10 brief facts on bioluminescence

We all get excited thinking about bioluminescence in nature. Ironically, that excitement is only one of the reasons animals glow like an elf in Middle Earth. Here are some ‘basics on bioluminescence’ you can share with your friends and family the next time you all ogle a firefly and wonder ‘why?’.

What is red tide?

a red tide

a red tide (Photo credit: Wikipedia)

About six years ago I went to a wedding on the Gulf of Mexico which was extraordinary except for the occurrence of red tide. Don’t get me wrong, the guests and bride and groom all had a fabulous time despite the red tide. How did it affect us? We were not permitted to swim in the ocean and made the best out of it by playing run the bases on the beach. We could only do this for a little while since it actually affected our breathing and so we took a lot of breaks for margaritas.

It got me wondering what is a red tide? From my research it seems that red tides are not always red and have nothing to do with tides. Scientists are trying to wash away the term red tide and use the term harmful algae bloom (HAB) which explains a bit better about what happens during these occurrences. During a HAB on the Gulf of Mexico there is a high concentration of microscopic marine algae known as Karenia brevis. This is not the only algal culprit to an HAB, but, it is the most frequent. In the Gulf of Mexico the algae Alexandrium fundyense has been known to cause serious damage to local fisheries. In low concentrations these algae is not harmful. But, with high concentrations fish suffocate after it paralyzes their central nervous system. Also, many shellfish that filter water can accumulate the toxins and become inedible to eat.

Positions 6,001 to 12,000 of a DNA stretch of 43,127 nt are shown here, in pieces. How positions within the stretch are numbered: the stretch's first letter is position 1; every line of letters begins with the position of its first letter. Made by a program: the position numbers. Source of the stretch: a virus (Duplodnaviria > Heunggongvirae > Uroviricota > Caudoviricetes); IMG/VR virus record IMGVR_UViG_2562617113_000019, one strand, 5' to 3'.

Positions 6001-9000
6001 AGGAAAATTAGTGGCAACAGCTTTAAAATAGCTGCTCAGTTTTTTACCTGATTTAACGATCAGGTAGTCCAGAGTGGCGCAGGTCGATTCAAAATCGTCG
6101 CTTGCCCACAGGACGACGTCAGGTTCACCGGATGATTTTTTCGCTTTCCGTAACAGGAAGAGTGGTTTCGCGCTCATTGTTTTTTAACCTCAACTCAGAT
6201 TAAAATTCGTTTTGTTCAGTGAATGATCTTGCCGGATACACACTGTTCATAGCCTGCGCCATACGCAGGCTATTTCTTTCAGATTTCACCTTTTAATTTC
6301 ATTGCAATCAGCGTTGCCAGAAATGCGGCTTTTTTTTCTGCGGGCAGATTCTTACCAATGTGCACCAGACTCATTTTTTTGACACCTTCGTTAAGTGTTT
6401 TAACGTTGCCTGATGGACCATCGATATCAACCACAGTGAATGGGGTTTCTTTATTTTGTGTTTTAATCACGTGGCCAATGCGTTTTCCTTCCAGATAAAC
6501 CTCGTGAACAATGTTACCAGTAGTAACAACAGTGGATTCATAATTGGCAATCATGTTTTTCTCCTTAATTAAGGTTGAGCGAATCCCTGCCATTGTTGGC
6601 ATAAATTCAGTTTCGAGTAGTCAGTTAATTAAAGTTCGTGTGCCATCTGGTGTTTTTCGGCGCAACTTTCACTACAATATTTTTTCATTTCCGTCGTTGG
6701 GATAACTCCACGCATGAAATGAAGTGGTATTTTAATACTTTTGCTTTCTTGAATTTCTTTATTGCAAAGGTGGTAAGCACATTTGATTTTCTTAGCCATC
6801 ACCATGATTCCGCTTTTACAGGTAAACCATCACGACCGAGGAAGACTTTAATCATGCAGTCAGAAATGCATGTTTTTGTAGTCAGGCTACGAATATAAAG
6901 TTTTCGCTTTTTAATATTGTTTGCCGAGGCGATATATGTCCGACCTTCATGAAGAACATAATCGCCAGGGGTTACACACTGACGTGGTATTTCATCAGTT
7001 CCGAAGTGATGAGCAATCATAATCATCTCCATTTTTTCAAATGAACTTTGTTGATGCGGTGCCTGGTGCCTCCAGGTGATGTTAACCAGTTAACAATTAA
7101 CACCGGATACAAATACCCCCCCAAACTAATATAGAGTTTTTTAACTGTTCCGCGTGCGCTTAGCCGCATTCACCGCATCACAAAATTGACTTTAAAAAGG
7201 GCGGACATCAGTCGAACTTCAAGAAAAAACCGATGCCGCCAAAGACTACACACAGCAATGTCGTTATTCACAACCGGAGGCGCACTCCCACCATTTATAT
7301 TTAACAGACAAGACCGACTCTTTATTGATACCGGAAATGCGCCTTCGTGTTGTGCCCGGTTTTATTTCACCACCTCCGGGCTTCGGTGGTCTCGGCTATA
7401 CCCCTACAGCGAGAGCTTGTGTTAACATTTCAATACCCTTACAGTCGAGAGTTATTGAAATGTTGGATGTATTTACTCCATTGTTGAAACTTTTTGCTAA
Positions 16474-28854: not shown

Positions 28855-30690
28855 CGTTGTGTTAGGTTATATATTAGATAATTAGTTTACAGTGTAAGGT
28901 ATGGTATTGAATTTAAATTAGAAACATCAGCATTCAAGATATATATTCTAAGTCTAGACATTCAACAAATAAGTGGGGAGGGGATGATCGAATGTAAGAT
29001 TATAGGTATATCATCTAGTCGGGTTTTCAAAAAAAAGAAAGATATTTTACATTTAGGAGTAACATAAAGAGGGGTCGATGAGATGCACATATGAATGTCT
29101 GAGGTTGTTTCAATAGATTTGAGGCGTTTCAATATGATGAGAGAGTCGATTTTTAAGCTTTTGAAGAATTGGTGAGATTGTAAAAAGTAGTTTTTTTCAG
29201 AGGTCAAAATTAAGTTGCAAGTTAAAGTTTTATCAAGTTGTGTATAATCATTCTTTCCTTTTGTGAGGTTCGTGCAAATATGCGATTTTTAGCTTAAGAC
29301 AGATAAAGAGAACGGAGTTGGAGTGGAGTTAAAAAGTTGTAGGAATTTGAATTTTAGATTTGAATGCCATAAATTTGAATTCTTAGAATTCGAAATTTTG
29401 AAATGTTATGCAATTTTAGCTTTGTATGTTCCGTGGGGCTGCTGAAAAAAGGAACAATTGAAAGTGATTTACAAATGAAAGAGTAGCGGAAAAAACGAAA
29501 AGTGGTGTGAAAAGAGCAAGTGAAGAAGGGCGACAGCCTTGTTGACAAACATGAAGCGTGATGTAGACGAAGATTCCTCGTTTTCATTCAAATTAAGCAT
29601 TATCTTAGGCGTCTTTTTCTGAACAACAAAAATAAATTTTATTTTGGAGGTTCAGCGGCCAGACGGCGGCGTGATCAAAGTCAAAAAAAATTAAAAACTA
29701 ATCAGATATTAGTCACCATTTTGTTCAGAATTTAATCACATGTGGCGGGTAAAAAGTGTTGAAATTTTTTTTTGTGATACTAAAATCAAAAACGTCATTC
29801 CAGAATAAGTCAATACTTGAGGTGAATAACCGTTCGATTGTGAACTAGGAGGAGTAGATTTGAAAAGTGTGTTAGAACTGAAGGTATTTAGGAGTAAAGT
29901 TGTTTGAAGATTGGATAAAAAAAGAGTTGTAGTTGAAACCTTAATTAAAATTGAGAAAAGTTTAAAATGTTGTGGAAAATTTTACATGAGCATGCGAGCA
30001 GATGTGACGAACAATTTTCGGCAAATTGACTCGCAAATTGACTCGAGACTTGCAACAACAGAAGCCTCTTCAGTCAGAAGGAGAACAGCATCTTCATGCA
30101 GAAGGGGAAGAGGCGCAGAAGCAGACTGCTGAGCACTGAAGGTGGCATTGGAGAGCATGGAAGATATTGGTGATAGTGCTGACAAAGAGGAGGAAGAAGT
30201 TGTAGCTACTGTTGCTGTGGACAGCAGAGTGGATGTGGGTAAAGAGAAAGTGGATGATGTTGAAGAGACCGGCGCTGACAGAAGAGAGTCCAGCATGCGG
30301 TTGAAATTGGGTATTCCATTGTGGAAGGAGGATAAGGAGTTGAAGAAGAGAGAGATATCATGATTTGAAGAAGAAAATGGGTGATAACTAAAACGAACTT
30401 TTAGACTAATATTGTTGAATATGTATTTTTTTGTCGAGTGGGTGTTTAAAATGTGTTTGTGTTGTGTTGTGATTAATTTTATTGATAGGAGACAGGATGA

How harmful algal blooms occur is still under debate. It can be a natural or man-made occurrence.

Do you have another great question? Email info@beachchairscientist.com and let me know what you always ponder while digging your toes in the sand!

A Few Lines from Rehoboth Beach by Fleda Brown

Dear friend, you were right: the smell of fish and foam
and algae makes one green smell together. It clears
my head. It empties me enough to fit down in my own

skin for a while, singleminded as a surfer. The first
day here, there was nobody, from one distance
to the other. Rain rose from the waves like steam,

dark lifted off the dark. All I could think of
were hymns, all I knew the words to: the oldest
motions tuning up in me. There was a horseshoe crab

shell, a translucent egg sack, a log of a tired jetty,
and another, and another. I walked miles, holding
my suffering deeply and courteously, as if I were holding

a package for somebody else who would come back
like sunlight. In the morning, the boardwalk opened
wide and white with sun, gulls on one leg in the slicks.

Cold waves, cold air, and people out in heavy coats,
arm in arm along the sheen of waves. A single boy
in shorts rode his skimboard out thigh-high, making

intricate moves across the March ice-water. I thought
he must be painfully cold, but, I hear you say, he had
all the world emptied, to practice his smooth stand.

Read more about this author here.